BWCA First Timer Boundary Waters Group Forum: Wabakimi
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PompousPilot1
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10/15/2012 10:57AM   (Thread Older Than 3 Years)
New to this section of the site today!
Love Wabakimi and am looking forward to a trip there someday soon.
The "wild" factor is the draw for me. Still working on skills though!
 
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paddlefamily
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10/15/2012 07:28PM  
Welcome to the forum. Is it true (according to your profile) that you haven't paddled the BW or Q? Where do you like to paddle?

Yes, Wabakimi is a 'wild' place, however there are fishing lodges throughout. When you plan a trip try to stay on smaller lakes and rivers, it will keep you further away from motorized boats and fish camps. There are planes that regularly fly in people, making some routes feel a little less remote.

Let us know when you begin making plans. Many seasoned Wabakimi paddlers here. Me, only once so far. :)

 
PompousPilot1
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10/15/2012 08:50PM  
I live in Michigan now and paddle lakes and rivers here, as well as Eastern Ontario (Algonquin and the like).
I lived in the cities about 20 yrs ago and spent a lot of time in Duluth, Two Harbors, Tofte, but... never got into the park somehow :(
Now I can't get enough and am trying to make up for lost time.
Really want to do a Wabakimi trip. Unfortunately, it's a 20 hr +/- drive for us from here, so it's going to take some serious planning.
 
10/16/2012 08:43PM  
I believe that Wab is worth the drive. One thing that surprised me was that we actually saw 3 or 4 motor boats while we were in the park. But they were small fishing boats and did not really disturb our canoes. You do want to research the portages. They can be tricky to locate.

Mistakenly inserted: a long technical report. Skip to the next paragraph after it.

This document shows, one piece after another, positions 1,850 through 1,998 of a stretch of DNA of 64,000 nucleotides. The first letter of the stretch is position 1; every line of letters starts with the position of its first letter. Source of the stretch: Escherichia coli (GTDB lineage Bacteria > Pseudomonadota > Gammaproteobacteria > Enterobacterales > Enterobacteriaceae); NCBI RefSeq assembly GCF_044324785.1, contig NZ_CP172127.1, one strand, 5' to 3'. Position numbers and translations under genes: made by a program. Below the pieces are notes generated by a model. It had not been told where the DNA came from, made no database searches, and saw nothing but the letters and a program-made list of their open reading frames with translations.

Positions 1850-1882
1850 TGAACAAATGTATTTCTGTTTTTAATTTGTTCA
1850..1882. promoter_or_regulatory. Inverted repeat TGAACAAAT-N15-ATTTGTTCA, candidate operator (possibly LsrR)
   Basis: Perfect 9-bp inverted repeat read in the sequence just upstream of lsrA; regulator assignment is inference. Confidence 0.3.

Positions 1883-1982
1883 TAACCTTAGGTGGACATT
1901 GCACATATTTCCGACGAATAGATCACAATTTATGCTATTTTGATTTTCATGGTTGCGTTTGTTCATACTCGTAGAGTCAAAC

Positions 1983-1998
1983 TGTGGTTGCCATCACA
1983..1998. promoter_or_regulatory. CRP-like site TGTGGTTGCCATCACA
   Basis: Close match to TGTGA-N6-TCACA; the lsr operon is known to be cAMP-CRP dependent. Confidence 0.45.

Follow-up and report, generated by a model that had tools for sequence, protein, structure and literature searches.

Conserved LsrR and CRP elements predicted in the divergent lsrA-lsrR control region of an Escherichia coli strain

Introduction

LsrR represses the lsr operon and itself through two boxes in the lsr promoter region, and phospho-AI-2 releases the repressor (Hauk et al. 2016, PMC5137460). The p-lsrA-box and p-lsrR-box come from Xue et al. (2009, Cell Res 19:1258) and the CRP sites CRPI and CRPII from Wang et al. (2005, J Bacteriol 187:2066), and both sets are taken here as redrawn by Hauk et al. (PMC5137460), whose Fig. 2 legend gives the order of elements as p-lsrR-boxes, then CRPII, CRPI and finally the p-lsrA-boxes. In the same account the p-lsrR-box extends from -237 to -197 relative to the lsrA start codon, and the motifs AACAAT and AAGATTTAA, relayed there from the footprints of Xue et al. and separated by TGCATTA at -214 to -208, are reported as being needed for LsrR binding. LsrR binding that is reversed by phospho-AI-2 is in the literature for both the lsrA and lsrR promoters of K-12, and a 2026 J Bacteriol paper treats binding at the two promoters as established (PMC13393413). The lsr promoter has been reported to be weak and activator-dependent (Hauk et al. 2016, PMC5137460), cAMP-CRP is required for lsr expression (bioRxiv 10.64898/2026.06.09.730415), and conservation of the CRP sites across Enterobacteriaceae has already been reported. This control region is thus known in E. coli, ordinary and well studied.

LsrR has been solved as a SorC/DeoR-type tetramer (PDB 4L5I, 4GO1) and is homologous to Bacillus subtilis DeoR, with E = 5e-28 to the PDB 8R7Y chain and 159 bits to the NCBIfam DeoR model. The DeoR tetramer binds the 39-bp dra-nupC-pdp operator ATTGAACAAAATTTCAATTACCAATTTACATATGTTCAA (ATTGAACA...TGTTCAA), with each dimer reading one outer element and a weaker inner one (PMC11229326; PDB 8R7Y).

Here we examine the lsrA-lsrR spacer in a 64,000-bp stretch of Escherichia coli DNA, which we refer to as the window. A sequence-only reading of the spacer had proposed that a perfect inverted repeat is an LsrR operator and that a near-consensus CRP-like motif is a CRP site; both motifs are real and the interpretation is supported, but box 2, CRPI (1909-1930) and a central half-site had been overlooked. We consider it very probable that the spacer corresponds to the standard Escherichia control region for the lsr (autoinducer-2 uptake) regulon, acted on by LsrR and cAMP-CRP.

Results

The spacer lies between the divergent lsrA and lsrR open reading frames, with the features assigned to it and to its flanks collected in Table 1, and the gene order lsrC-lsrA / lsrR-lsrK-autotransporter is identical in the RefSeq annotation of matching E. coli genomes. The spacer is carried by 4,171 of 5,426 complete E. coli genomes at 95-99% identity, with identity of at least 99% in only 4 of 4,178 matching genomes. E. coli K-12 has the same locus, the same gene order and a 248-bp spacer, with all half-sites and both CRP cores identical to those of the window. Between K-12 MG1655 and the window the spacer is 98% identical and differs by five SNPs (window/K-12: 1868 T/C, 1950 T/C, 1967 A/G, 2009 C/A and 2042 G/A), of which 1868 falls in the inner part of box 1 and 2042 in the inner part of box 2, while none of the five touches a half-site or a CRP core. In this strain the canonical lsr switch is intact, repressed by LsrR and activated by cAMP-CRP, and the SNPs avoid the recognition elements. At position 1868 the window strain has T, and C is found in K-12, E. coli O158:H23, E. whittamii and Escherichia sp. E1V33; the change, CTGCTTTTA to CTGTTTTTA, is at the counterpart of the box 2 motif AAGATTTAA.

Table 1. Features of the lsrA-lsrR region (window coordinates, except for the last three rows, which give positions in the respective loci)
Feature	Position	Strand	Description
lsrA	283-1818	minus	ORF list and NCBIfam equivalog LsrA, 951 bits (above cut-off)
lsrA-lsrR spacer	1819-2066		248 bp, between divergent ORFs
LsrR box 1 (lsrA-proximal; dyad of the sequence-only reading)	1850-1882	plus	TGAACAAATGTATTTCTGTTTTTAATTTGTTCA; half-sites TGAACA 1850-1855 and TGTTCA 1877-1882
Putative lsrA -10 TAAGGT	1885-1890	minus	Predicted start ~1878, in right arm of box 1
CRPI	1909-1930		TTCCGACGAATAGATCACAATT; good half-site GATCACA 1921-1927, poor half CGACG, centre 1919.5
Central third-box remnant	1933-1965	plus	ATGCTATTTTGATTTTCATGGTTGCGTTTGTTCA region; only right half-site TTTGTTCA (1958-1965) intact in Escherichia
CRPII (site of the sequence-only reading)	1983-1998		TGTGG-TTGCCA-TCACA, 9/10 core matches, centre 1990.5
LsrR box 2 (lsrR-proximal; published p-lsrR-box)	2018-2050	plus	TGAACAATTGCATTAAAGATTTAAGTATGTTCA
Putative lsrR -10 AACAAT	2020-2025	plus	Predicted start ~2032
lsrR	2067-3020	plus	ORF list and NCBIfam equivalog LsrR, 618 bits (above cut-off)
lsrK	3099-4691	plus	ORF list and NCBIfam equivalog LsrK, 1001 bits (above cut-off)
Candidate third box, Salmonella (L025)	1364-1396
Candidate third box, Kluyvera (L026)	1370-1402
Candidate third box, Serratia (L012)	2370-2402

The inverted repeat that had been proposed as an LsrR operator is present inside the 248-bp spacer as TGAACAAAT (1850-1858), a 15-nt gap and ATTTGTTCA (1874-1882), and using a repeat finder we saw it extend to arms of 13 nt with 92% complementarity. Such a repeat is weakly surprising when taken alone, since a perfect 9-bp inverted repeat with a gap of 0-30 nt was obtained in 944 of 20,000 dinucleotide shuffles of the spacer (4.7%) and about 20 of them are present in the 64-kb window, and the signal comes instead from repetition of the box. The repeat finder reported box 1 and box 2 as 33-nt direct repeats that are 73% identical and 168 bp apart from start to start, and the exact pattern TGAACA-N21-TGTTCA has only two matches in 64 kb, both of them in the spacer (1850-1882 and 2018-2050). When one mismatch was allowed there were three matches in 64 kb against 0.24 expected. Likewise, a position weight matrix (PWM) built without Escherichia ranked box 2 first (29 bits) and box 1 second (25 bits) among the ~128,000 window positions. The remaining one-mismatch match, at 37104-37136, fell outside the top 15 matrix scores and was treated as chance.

Longpaddler
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10/17/2012 06:43AM  
quote jcavenagh: ..... You do want to research the portages. They can be tricky to locate."


Agree totally w/ Jim. Other issues are access and campsites. There are few access points to enter the park....the best way is to fly or train in, both of which can add some excitement to the trip as well as cost$$$$. I've taken the train in from the east side (Armstrong) and the west side (Savant Lake) and reco the east side. Coming from the west, the train leaves later at nite and you exit the train on a CLASS IV drop into darkness. Train leaves Armstrong early morning and you have a lot of daylite to get situated and comfortable.

Maps were basically nonexistent when we first went in....looked like they were drawn free-hand while someone was sitting on the john. They've improved a lot in the past 5 years. Campsites were always an issue when we were in. The ones that were "marked" on the maps often did not exist or required a bush hog to make usable. These are issues you will face when tripping in a more primitive wilderness. Hopefully these issues have been addressed since last i was there....I only point them out for you to be aware.